Informe ONU GÉNERO, CLIMA Y SEGURIDAD Mantener una paz inclusiva en la primera línea del cambio climático

The world today is reeling from the devastating social and economic impacts of COVID-19. The pandemic has unmasked how inequality shapes not only the experience of crisis, but also prospects for
resilience and recovery.

In fragile and conflict-affected countries, where populations are already suffering from multiple risks posed by climate change, the pandemic is a “crisis layered on top of a crisis.” Livelihoods that depend on reliable access to markets are undermined by disrupted supply chains, restrained mobility or market closures. Populations displaced by climate-related security risks living in camps or settlements – where health facilities are already inadequate – are not afforded the luxury of social distancing.

In these contexts, political and economic instability undermine capacity to cope with health crises, as well as climate and environmental shocks. This traps communities in a negative downward spiral that can fuel further conflict and insecurity.

Recent research has improved our understanding of these climate-security traps. Too little attention, however, has been paid to the role of gender norms and power dynamics in shaping responses to these reinforcing crises.

From the Sahel and the Horn of Africa to South-East Asia and Central America, the report shows how factors of marginalization combine to leave women and girls with a disproportionate economic burden; how gendered expectations can lead men and women to resort to violence when traditional livelihoods fail; and how important socio-economic shifts can result from changes to patterns of migration.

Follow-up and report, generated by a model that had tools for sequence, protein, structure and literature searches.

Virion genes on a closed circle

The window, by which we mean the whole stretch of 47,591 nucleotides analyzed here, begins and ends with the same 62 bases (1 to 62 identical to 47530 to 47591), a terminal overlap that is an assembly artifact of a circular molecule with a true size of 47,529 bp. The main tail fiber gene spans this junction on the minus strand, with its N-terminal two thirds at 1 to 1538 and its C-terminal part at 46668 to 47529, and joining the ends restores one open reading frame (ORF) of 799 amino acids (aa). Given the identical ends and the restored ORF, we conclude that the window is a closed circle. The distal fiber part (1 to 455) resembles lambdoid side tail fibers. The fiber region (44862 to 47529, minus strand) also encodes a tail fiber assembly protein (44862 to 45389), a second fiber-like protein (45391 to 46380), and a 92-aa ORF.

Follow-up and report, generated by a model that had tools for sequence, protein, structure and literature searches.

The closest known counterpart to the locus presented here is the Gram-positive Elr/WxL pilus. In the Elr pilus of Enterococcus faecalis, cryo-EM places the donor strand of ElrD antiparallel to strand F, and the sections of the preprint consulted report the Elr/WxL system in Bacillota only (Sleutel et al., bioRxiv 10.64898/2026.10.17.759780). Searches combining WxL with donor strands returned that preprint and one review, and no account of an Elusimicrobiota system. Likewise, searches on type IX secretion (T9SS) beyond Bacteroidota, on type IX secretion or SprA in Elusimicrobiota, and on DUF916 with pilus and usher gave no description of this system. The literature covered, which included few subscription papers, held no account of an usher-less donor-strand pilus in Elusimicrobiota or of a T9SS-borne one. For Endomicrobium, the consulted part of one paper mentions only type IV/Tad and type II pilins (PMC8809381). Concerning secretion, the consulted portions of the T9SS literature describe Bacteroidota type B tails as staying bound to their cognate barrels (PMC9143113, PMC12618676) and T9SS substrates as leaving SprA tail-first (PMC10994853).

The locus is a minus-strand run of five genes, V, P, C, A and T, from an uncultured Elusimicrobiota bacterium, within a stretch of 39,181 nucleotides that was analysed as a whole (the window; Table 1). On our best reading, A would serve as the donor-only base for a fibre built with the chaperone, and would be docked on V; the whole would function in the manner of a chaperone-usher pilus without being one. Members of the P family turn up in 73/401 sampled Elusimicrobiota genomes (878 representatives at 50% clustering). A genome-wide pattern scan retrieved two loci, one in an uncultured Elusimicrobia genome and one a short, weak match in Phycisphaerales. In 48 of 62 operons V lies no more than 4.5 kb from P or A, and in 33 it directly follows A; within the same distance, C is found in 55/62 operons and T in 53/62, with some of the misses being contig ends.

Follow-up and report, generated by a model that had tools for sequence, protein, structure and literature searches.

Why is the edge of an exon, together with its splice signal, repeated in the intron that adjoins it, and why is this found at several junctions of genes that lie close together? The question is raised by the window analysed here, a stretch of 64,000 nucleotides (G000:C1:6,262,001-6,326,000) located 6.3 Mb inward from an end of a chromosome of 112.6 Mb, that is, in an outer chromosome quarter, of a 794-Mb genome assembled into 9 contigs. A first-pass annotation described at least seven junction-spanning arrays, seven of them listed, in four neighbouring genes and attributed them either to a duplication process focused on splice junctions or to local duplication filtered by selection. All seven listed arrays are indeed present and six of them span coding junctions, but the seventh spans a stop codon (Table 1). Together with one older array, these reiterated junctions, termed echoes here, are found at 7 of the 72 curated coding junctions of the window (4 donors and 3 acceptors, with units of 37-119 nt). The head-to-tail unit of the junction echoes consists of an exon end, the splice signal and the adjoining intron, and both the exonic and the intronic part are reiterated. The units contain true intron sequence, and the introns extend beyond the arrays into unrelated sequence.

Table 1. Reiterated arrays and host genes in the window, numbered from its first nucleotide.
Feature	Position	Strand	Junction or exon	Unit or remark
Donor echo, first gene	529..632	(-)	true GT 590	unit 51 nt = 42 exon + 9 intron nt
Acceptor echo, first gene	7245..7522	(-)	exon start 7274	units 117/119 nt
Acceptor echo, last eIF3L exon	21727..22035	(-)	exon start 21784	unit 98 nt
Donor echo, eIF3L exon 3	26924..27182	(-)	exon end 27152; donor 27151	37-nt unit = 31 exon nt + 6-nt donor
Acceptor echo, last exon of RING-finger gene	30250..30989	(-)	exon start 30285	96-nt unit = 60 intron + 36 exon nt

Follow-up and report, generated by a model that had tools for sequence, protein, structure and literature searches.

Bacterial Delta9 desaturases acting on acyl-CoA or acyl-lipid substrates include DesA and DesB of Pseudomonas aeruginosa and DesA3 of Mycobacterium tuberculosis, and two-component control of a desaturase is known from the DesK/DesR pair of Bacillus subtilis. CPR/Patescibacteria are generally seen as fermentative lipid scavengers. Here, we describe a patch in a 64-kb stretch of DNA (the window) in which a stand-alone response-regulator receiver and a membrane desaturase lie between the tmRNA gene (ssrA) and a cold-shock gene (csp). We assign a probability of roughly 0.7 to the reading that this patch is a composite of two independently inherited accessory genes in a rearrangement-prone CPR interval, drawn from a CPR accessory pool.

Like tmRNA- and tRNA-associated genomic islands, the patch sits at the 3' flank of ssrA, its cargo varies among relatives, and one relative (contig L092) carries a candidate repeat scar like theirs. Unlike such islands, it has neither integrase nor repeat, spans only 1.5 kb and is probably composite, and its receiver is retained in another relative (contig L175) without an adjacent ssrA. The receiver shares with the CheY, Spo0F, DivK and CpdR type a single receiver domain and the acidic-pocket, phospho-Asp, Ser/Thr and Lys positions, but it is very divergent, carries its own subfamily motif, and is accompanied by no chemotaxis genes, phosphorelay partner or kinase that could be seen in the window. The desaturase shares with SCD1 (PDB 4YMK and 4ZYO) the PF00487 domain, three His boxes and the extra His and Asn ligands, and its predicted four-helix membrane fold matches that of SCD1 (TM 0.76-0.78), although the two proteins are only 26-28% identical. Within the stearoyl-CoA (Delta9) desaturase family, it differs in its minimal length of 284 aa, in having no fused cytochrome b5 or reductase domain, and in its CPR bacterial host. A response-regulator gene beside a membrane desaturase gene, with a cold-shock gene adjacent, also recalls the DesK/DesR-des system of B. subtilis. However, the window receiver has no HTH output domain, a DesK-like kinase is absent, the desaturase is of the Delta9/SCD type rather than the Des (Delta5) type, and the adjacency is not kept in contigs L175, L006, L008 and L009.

The report also makes clear that there are important opportunities for action, even as the negative impacts of climate change on security become more visible every day. Its recommendations provide a clear way forward, encouraging us to recognize the interdependence of peace and security, human rights and development.

Finland has a storied tradition of supporting global peace. The risks posed by climate change only make working to fully integrate these issues into conflict prevention and peacebuilding more urgent. But we cannot afford to do so without recognizing the unique experiences, knowledge, and capacity of women, men, girls, and boys living on the frontlines.

Finland is deeply committed to gender equality and is a strong advocate of women’s roles in conflict prevention and peacebuilding. As support to climate action is more critical than ever, we look forward to continuing to support women and men in fragile contexts, as well as the global community, to build and sustain inclusive peace.


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